Another interesting statistic of note is that up until about 1997, the asthma death rate in the U.S. steadily increased, and since then it has been steadily decreasing to it’s present level of less than 3,400. AAAAI statistics note there are about 34.1 million asthmatics in the U.S. Thus, the risk of someone dying from asthma is as low as 0.01 percent.

One would think more asthmatics would translate into more asthma hospitalizations as the statistics for Detroit and New York City confirm. Although that doesn't seem to be the case for the rest of the country, or at least the region of Michigan where I live. Obviously the asthma experts are doing something right – they are, after all, keeping an increasing number of asthmatics healthy and out of hospitals.

But How?

The truth is, nobody really knows for sure why asthma-related hospital visits are declining despite an increasing number of people diagnosed with the disease. I propose some viable theories.

1. Improved Asthma Wisdom: I remember my asthma doctor prescribing Vanceril when I was a regular asthmatic and then telling me to only use it when I was having trouble breathing. Any asthma expert today would wince at that prescription, but doctors didn't know any better back then. So instead of the Vanceril controlling my asthma, there were many hospital visits. This was the same for many asthmatics. Today, we know that inhaled corticosteroids are safe, and if used every day can actually prevent asthma from occurring.

Likewise, new asthma wisdom has proven there are two main components of asthma: bronchospasm that occurs during an acute attack, and chronic inflammation. This has lead to better ways of treating asthma.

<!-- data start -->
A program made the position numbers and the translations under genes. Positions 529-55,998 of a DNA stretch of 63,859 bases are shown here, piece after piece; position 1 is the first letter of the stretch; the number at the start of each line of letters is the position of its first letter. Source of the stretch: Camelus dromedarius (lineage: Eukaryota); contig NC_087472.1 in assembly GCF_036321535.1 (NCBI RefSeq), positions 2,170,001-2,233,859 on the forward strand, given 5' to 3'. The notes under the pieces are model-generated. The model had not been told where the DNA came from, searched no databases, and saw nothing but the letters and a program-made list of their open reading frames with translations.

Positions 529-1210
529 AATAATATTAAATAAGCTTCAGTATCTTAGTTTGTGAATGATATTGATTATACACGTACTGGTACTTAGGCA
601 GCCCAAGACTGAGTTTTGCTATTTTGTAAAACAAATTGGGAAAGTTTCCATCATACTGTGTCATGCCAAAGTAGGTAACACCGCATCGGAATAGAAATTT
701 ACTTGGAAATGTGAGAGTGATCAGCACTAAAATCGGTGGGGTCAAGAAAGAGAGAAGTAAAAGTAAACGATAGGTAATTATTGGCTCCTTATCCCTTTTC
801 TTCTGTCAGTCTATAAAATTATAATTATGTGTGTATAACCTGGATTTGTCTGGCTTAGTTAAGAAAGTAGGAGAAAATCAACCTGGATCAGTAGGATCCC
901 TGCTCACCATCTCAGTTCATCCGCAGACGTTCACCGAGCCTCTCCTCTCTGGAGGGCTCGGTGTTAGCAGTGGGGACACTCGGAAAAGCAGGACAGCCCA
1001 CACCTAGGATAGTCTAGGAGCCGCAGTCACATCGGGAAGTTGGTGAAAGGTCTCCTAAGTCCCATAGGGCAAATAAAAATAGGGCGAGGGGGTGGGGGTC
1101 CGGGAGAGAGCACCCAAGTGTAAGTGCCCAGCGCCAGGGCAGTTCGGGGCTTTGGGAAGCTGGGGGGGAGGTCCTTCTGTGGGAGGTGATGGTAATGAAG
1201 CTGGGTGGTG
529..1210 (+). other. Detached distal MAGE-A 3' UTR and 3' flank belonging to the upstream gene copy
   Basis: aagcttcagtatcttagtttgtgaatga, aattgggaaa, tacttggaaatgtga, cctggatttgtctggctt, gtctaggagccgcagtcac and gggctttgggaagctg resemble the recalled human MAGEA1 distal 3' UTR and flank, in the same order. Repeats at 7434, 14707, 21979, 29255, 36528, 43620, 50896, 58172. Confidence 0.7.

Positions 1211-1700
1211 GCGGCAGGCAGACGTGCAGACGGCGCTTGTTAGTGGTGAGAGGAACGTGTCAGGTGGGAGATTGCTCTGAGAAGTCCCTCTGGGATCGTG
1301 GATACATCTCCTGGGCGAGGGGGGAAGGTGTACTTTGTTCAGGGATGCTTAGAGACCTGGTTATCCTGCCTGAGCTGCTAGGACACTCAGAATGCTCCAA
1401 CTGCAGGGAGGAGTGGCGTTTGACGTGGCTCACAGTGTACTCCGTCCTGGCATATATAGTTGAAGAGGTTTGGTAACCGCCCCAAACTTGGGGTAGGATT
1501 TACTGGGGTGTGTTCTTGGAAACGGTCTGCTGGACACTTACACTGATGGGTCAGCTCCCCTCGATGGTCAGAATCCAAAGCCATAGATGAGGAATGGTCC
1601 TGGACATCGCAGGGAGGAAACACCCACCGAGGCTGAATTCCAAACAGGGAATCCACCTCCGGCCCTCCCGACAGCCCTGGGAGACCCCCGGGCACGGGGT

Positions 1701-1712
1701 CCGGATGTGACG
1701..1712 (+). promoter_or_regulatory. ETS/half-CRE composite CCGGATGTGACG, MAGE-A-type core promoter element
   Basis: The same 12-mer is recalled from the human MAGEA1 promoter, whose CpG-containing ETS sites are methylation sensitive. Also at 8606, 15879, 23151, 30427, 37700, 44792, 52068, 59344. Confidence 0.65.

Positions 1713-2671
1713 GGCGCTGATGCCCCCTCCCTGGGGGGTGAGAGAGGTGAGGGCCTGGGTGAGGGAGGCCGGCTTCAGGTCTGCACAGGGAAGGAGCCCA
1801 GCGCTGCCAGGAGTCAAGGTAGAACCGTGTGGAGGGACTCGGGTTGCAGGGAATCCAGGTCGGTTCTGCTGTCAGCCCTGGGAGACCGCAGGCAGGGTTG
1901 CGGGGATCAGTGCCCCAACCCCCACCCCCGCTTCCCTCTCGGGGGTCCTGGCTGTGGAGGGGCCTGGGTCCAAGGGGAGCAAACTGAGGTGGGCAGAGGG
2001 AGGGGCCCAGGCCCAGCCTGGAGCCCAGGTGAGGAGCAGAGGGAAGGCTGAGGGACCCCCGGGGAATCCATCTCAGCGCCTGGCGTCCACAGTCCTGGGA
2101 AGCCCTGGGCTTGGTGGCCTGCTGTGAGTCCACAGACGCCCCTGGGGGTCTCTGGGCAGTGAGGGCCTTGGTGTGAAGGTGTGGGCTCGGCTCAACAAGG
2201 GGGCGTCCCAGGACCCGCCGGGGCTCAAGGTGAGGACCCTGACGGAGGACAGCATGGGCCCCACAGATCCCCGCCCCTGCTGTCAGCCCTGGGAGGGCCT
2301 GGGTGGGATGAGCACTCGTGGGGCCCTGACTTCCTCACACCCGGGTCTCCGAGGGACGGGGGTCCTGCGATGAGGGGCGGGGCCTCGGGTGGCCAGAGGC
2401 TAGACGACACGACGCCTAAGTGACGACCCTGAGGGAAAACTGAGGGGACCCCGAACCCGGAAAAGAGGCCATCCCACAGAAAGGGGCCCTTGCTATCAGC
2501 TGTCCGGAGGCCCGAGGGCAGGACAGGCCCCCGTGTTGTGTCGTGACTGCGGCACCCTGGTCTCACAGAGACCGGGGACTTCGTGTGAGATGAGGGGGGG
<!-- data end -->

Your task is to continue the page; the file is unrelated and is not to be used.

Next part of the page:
2. Emphasis on Prevention: While the old emphasis was to treat acute asthma symptoms, the new emphasis is on preventing asthma attacks altogether. Asthma experts have learned that inhaled corticosteroids work best to control this inflammation, and are now a top line therapy for controlling asthma. The most common way of receiving inhaled steroids is in combination with long-acting beta agonists (LABAs) in medicines like Advair and Symbicort.

3. Better Asthma Medicines: Studies like this have proven medicines like Advair and Symbicort improve asthma and have reduced the need for ER visits and hospitalizations. These meds work best to control both components of asthma, and are therefore top of the line asthma medicines. Singulair is another medicine that has done wonders for asthmatics by controlling allergies and controlling exercise induced bronchospasm. While it may take some trial and error, with a good asthma doctor and good compliance by the patient, most asthmatics can easily prevent asthma from occurring altogether.